The Australian Bureau of Statistics (ABS) has revealed that while Australian retail turnover fell in January, liquor sales were up 0.3%.
According to ABS Retail Trade figures, Australian retail was down 0.3% overall in January, following a fall of 0.7% in December 2019.
“Bushfires in January negatively impacted a range of retail businesses across a variety of industries” said Ben James, Director of Quarterly Economy Wide Surveys.
“Retailers reported a range of impacts that reduced customer numbers, including interruptions to trading hours and tourism.”
There were falls for household goods retailing (-1.1%), department stores (-2.2%), clothing, footwear and personal accessory retailing (-1.1%), cafes, restaurants and takeaway food services (-0.3%), and other retailing (-0.1%).
These falls were partially offset by a rise in food retailing (0.4%).
In current prices, the ABS trend estimate for Food retailing rose 0.2% in January 2020. The seasonally adjusted estimate rose 0.4%. By industry subgroup, the trend estimate rose for supermarkets and grocery stores (0.1%), and liquor retailing (0.3%), and fell for other specialised food retailing (-0.1%).
The ABS seasonally adjusted estimate rose for supermarkets and grocery stores (0.4%), and liquor retailing (0.9%), and fell for other specialised food retailing (-1.1%).
Macquarie University Associate Professor of Marketing Jana Bowden told ABC News fear and boredom played a role in how people spent money in a crisis.
“The news has been particularly devastating — we have gone from fires to floods and now to the virus,” she said.
“On the one hand you have these tight purse strings, consumer spending is down … and then you have the secondary effect of people not wanting to go outside.
But she said consumers had a tipping point where they tended to be so overloaded with bad news they needed comfort from something distracting.
In seasonally adjusted terms, there were retail falls in Western Australia (-1.1%), Victoria (-0.2%), the Australian Capital Territory (-2.3%), New South Wales (-0.1%), Queensland (-0.1%), Tasmania (-0.5%), and the Northern Territory (-0.5%). South Australia (0.1%) rose in seasonally adjusted terms in January 2020.
The trend estimate for Australian retail turnover rose 0.1% in January 2020, following a 0.1% rise in December 2019. Compared to January 2019, the trend estimate rose 2.3%.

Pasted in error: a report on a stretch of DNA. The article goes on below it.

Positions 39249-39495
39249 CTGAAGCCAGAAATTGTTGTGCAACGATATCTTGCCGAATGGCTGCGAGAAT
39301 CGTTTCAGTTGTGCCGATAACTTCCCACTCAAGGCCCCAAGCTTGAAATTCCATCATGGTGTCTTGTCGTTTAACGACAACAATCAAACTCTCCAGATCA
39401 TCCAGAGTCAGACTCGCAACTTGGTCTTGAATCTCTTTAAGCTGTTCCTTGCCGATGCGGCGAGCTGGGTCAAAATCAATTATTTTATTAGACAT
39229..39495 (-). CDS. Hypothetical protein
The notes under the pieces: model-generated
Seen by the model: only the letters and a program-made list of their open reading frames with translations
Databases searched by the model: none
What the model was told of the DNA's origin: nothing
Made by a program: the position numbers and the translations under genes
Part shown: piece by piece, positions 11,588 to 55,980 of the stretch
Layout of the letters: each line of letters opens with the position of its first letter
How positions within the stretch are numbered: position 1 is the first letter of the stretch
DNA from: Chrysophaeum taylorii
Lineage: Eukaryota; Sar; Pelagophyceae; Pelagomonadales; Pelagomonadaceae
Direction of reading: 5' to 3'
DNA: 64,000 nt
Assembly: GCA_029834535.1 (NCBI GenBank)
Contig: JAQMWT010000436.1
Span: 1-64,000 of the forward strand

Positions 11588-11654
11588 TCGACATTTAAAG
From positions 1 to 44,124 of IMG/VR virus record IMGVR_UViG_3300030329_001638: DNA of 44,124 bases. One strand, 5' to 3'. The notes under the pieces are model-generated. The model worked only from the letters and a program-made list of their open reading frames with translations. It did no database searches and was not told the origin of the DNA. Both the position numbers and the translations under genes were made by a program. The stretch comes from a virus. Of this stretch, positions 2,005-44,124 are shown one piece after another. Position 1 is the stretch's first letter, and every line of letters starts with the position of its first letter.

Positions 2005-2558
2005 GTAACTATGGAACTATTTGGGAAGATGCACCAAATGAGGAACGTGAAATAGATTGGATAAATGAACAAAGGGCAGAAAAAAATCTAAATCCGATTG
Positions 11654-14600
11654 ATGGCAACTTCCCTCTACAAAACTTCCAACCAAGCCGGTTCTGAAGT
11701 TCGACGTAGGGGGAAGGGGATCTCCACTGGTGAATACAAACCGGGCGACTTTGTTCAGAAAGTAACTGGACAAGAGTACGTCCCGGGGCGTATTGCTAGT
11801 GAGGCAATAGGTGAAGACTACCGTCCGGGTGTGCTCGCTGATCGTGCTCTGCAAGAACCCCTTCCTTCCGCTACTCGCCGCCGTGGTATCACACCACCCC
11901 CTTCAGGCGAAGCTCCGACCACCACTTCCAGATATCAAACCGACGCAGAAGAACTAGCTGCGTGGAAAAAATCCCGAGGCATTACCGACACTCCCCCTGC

Online retail turnover contributed 6.3% to total retail turnover in original terms in January 2020. In January 2019, online retail turnover contributed 5.6% to total retail.
Coronavirus crisis impact to come
However, the drinks industry has since been hard hit by the coronavirus, with the hospitality sector reeling from the lockdown and suppliers struggling with both distribution and sales.
And analysts are predicting it’s going to get worse.
“A global recession is likely if COVID-19 becomes a pandemic, and the odds of that are uncomfortably high and rising with infections surging in Italy and Korea,” said Mark Zandi, chief economist at Moody’s Analytics.
Diageo announced last month that it estimates the negative impact in fiscal 2020 on the group’s organic net sales and organic operating profit to be in a range of £225million to £325million and £140million to £200million, respectively.
During an earnings call on Thursday, AB InBev executives outlined the negative impact the virus is having on its larger beer business in China. CEO Carlos Brito also revealed the brewer has established a “crisis room” in China.
“The outbreak has led to a significant decline in demand in China in both on-premise and in-home channels,” the company said.
The outbreak led to lost revenue of $285 million in the first two months of 2020, the brewer reported.
Online shopping to set to rise
Nielsen has been monitoring how the situation will affect e-commerce.
“While it’s too soon to detect any meaningful shifts in online purchasing, we do expect online shopping to rise as people become increasingly interested in reducing their exposure to others, as the virus appears to be spread via coughs and sneezes,” the global information and measurement company said.
E-commerce may also be a factor beyond consumer purchasing. In China, for example small- and medium-size retailers are using e-commerce to keep their stores stocked, which wasn’t an option during the SARS (Severe Acute Respiratory Syndrome) outbreak 17 years ago.
“Because shopping behavior is so much different than during the SARS outbreak, and because the government started to control the issue sooner, we think the retail impact cycle will be shorter,” said Ryan Zhou, Vice President, Consumer Packaged Goods, Nielsen China. “Store sourcing is also much different today, and online suppliers have reacted very, very quickly by offering store owners, for example, mobile applications for sourcing orders. So online has really helped suppliers react and adjust their supply systems in ways that didn’t exist during SARS.”
The impact for FMCG manufacturers and retailers is ongoing and Nielsen will be providing regular updates.